Need to book a car for your road trip adventure? We use Discover Car Hire for comparing car prices to find the best deal. They search both local & international rental companies
Hawaii’s currency is the U.S. dollar. You can exchange currency at Kahului Airport (OGG), at the other major neighbor island airports, and at resort destinations.
Major credit cards are widely accepted and ATM machines are plentiful. Traveler’s checks are accepted at many businesses.
What to Pack
It’s warm in Hawaii, so pack your summer attire. It is recommended to bring a jacket or sweater for the evenings. You should also bring some warmer clothes if you plan on visiting higher elevations like Haleakala National Park.
Bring some casual dress clothes or resort wear if you plan on experiencing Hawaii’s nightlife. You can also buy an aloha shirt and flip-flops (or slippers, as the locals call them) once you arrive on the island.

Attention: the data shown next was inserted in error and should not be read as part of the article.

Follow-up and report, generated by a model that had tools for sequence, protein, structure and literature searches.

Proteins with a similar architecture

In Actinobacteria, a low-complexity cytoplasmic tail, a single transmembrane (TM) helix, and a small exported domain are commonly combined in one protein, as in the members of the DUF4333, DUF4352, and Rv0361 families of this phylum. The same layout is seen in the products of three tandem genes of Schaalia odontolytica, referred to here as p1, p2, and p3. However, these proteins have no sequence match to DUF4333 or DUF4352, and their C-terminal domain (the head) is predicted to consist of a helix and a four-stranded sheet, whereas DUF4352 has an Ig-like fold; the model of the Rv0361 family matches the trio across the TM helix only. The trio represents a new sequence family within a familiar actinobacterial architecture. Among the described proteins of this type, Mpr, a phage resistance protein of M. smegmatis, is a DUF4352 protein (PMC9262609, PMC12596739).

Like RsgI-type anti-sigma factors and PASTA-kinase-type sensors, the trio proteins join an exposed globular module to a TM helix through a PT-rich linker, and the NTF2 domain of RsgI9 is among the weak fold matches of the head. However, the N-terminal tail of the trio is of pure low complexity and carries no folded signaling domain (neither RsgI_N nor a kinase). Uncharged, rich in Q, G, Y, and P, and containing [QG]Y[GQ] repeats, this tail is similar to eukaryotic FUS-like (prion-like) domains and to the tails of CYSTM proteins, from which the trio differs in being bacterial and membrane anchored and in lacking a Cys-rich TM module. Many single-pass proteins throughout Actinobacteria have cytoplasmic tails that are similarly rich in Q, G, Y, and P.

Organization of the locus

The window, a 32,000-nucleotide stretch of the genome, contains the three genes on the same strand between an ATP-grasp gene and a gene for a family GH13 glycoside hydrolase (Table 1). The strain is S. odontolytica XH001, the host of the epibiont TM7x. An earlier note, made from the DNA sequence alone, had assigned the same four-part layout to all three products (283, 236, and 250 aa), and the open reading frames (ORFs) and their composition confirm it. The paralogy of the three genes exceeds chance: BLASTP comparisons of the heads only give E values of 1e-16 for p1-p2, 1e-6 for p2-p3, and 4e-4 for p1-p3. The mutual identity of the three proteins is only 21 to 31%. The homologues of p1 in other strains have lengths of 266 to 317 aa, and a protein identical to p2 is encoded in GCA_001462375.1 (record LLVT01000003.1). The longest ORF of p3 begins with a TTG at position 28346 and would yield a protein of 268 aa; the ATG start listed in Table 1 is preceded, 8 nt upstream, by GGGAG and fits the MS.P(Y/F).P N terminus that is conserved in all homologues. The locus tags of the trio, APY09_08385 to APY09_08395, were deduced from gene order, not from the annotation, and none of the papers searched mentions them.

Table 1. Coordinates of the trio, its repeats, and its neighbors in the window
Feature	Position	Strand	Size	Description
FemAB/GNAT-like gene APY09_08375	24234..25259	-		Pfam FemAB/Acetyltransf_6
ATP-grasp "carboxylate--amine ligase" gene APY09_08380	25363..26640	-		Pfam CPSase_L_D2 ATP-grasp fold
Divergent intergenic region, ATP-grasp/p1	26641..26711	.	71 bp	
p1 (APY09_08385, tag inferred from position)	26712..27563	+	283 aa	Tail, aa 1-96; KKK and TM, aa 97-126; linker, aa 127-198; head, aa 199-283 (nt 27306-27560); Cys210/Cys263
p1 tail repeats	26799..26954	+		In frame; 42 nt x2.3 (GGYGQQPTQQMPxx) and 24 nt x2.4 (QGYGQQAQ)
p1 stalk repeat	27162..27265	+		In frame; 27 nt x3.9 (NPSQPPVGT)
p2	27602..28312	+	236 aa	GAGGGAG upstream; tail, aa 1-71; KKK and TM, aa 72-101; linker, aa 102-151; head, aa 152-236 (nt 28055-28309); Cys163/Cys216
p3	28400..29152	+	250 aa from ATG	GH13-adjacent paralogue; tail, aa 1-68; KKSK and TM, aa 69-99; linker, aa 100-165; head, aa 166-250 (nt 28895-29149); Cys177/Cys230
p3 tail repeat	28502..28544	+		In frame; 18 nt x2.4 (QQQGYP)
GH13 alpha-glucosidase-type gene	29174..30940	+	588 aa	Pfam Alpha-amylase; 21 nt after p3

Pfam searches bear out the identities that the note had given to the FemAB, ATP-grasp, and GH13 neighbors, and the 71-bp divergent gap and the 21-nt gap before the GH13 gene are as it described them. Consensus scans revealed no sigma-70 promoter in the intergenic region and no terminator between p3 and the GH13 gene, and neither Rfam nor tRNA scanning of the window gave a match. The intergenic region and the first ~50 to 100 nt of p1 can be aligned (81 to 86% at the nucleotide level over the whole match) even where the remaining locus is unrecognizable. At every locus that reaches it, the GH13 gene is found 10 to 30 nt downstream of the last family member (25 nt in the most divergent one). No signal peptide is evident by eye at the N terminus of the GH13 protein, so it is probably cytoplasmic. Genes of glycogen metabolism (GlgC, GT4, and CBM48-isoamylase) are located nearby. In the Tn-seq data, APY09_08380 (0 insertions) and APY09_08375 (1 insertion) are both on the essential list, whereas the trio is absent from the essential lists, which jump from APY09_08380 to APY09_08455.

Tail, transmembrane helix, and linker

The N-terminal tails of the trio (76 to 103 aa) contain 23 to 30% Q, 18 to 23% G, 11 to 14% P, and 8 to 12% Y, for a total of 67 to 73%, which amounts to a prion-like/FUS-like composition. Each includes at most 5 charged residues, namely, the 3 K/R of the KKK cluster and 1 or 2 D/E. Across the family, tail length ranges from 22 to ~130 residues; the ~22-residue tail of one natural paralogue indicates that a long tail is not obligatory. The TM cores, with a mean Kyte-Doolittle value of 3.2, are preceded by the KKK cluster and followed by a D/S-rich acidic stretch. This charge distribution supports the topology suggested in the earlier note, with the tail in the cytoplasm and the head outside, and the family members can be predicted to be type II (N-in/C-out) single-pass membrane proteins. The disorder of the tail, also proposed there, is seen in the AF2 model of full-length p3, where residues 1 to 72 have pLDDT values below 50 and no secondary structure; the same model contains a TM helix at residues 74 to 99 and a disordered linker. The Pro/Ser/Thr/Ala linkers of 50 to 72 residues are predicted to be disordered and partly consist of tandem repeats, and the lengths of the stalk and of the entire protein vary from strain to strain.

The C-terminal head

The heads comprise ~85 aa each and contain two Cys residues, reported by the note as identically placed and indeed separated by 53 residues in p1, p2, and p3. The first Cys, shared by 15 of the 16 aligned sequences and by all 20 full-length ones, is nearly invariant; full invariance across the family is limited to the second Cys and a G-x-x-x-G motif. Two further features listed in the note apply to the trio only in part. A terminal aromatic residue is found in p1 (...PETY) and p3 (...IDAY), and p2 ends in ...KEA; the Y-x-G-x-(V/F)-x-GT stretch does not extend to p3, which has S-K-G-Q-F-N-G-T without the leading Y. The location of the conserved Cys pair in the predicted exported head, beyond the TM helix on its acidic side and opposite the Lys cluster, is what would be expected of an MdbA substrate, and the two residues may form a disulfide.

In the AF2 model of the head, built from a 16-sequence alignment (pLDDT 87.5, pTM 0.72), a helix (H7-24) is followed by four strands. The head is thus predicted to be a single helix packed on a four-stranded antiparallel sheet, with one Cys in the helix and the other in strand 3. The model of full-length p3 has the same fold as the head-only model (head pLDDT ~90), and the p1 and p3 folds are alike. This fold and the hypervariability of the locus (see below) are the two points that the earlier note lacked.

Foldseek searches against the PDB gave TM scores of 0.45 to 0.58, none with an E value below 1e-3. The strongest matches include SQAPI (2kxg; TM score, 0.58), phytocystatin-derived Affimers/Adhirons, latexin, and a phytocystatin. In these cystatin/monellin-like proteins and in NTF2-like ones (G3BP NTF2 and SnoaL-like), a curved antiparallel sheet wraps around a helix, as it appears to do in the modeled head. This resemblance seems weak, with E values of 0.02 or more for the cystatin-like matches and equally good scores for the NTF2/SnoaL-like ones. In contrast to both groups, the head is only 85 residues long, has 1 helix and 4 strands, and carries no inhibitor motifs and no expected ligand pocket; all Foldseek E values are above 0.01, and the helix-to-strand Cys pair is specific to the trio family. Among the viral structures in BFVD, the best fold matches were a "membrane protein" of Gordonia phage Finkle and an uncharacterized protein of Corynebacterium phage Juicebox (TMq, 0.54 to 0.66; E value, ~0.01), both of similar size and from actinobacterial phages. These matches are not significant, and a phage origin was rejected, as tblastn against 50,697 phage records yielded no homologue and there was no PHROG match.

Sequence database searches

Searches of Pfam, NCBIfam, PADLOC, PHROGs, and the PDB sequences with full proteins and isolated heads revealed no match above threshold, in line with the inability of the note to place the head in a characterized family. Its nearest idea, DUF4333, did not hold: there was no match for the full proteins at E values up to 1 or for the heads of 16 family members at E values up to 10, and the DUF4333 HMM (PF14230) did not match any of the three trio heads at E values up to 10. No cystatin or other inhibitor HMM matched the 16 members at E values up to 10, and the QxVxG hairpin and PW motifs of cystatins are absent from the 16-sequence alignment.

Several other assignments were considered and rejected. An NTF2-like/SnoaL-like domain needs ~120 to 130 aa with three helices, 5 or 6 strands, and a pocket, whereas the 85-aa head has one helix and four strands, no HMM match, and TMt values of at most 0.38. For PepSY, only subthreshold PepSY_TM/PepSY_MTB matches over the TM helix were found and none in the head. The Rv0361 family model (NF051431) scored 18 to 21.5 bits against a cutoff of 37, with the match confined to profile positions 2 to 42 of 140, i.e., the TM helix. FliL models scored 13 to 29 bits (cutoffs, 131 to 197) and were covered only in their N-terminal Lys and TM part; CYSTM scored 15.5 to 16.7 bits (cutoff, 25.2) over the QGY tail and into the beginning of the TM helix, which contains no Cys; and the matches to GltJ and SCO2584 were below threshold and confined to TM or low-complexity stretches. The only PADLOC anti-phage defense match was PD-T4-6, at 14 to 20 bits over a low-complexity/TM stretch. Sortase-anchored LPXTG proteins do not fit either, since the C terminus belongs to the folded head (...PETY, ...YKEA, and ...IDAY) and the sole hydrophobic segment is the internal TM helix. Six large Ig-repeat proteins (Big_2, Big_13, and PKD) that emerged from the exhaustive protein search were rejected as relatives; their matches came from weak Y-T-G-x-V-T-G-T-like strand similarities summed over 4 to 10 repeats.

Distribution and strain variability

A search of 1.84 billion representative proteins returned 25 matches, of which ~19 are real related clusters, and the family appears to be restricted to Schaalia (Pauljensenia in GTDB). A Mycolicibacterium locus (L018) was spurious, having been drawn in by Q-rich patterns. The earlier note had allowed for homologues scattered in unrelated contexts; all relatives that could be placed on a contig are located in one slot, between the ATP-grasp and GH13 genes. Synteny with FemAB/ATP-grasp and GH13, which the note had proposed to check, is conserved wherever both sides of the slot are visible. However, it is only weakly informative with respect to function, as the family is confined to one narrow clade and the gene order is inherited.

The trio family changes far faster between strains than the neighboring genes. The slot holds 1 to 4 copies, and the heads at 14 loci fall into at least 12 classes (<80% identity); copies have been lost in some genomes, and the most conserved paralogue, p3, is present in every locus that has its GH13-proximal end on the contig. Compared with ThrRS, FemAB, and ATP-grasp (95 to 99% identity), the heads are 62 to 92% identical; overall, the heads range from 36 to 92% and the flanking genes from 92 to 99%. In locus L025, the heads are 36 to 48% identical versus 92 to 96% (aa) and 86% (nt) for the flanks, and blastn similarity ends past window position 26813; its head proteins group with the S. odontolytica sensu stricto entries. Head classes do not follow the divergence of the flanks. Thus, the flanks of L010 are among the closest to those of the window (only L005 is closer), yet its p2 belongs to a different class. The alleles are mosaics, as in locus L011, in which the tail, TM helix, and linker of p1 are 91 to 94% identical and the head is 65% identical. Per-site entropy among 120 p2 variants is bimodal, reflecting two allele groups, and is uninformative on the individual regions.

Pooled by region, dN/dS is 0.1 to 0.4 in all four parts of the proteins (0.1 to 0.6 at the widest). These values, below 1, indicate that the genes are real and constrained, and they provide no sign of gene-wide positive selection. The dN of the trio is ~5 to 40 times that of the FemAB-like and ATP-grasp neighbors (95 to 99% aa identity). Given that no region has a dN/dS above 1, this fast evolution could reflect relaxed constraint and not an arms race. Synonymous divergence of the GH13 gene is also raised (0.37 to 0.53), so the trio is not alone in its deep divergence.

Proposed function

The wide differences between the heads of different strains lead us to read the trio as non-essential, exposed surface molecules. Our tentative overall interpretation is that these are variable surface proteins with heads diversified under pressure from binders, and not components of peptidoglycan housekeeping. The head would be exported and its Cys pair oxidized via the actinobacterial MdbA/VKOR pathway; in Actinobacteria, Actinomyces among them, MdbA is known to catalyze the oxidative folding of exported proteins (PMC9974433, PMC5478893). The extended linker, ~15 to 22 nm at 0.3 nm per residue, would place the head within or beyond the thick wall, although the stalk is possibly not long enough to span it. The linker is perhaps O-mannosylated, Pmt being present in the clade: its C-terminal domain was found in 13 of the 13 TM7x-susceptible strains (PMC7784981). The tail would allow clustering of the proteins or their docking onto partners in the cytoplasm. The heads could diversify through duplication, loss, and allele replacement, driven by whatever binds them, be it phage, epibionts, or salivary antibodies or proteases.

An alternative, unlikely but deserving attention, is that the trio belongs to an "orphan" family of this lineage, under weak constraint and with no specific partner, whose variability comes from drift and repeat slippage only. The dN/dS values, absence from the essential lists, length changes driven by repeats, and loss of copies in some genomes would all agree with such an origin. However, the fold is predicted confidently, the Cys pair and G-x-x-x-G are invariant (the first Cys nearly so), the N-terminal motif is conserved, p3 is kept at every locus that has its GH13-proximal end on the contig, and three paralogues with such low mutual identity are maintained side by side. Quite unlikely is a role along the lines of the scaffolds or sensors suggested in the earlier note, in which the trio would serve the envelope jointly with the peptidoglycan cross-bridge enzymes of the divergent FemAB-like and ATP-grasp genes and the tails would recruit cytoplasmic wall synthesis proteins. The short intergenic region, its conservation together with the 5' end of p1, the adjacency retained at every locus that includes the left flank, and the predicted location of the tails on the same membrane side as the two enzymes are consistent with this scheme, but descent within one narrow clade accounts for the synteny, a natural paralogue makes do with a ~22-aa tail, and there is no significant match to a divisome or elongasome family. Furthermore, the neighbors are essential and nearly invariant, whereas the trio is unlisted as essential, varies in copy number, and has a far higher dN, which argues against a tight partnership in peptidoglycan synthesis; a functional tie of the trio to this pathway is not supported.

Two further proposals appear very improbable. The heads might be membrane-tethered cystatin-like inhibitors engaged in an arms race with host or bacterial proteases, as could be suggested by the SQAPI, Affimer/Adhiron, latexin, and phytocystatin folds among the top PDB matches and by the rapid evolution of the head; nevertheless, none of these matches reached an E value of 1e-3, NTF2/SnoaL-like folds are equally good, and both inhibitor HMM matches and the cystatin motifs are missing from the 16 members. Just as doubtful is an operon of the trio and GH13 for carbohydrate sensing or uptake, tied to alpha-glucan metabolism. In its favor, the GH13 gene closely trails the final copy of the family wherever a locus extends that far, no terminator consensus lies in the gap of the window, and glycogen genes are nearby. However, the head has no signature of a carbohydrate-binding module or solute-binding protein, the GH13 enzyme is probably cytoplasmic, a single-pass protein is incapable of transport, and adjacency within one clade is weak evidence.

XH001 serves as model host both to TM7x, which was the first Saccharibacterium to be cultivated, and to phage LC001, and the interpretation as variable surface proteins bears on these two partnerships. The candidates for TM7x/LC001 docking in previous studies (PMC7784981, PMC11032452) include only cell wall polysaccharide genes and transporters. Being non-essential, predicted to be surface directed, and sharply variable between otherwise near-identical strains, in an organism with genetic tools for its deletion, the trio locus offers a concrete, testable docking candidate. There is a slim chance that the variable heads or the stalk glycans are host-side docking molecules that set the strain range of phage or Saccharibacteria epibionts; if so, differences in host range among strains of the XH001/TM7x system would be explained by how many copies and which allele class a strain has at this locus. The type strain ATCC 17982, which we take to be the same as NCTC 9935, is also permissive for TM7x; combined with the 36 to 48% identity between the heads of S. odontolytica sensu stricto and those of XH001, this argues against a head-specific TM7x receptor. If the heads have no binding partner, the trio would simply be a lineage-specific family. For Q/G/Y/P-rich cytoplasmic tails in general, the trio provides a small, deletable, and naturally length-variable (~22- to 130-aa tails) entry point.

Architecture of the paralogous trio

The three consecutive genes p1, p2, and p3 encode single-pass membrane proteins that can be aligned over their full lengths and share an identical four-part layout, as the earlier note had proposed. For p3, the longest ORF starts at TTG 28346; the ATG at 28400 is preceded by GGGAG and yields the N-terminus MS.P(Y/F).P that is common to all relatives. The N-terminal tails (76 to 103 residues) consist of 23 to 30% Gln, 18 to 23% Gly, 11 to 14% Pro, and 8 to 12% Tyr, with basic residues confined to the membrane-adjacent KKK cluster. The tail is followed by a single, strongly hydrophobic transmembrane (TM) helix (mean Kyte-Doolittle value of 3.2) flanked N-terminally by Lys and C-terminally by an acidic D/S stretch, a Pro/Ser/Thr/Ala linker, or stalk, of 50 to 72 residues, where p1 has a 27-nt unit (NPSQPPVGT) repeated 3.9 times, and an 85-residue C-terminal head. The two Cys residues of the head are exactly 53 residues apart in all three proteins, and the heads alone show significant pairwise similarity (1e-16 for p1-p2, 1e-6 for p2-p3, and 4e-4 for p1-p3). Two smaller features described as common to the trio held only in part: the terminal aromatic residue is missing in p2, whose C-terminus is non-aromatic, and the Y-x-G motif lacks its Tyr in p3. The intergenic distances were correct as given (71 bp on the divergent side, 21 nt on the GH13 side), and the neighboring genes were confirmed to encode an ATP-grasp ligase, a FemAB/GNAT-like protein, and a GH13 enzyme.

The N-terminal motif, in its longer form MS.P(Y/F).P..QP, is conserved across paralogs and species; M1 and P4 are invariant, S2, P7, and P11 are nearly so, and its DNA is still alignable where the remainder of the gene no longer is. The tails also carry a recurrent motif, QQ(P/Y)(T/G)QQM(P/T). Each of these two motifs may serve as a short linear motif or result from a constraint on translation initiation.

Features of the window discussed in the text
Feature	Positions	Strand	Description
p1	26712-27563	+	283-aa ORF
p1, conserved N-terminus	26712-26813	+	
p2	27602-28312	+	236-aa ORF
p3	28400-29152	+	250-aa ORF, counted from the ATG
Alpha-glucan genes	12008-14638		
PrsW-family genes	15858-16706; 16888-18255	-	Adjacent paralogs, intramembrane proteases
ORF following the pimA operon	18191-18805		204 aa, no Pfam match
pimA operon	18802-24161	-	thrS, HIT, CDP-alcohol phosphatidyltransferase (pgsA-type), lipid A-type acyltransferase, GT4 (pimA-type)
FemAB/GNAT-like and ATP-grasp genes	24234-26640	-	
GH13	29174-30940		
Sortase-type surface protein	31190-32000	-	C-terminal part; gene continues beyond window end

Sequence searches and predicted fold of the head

U.S. standards on tipping apply:
- Restaurants: 15-20%. Check to see if “gratuity” is included for large parties
- Bar: $.50-$1 USD per drink
- Housekeeping: $1 USD per bed, per night
- Luggage porters: $1 USD per bag
- Doorman: $1 USD for calling a taxi
- Room Service: 10-15% of the total bill
- Taxi: 15% of the fare
The official languages of Hawaii are English and Hawaiian, although Hawaiian is not commonly spoken. Major resort areas often have customer service representatives who speak Japanese.
Internet and Electricity
Internet access is readily available in Hawaii. Electricity in the U.S. is 120 volts (120 v) at 60 cycles (60 Hz) per second. If your device does not accept this voltage, you may need to purchase a voltage converter.
|HIGHLIGHTS OF HAWAII – MAUI & BIG ISLAND|
Kahului to Kailua-Kona
|HAWAII MULTI-ISLAND ADVENTURE|
Waikiki to Kailua-Kona
|HAWAII ADVENTURE – OAHU & KAUAI
Waikiki to Kapa‘a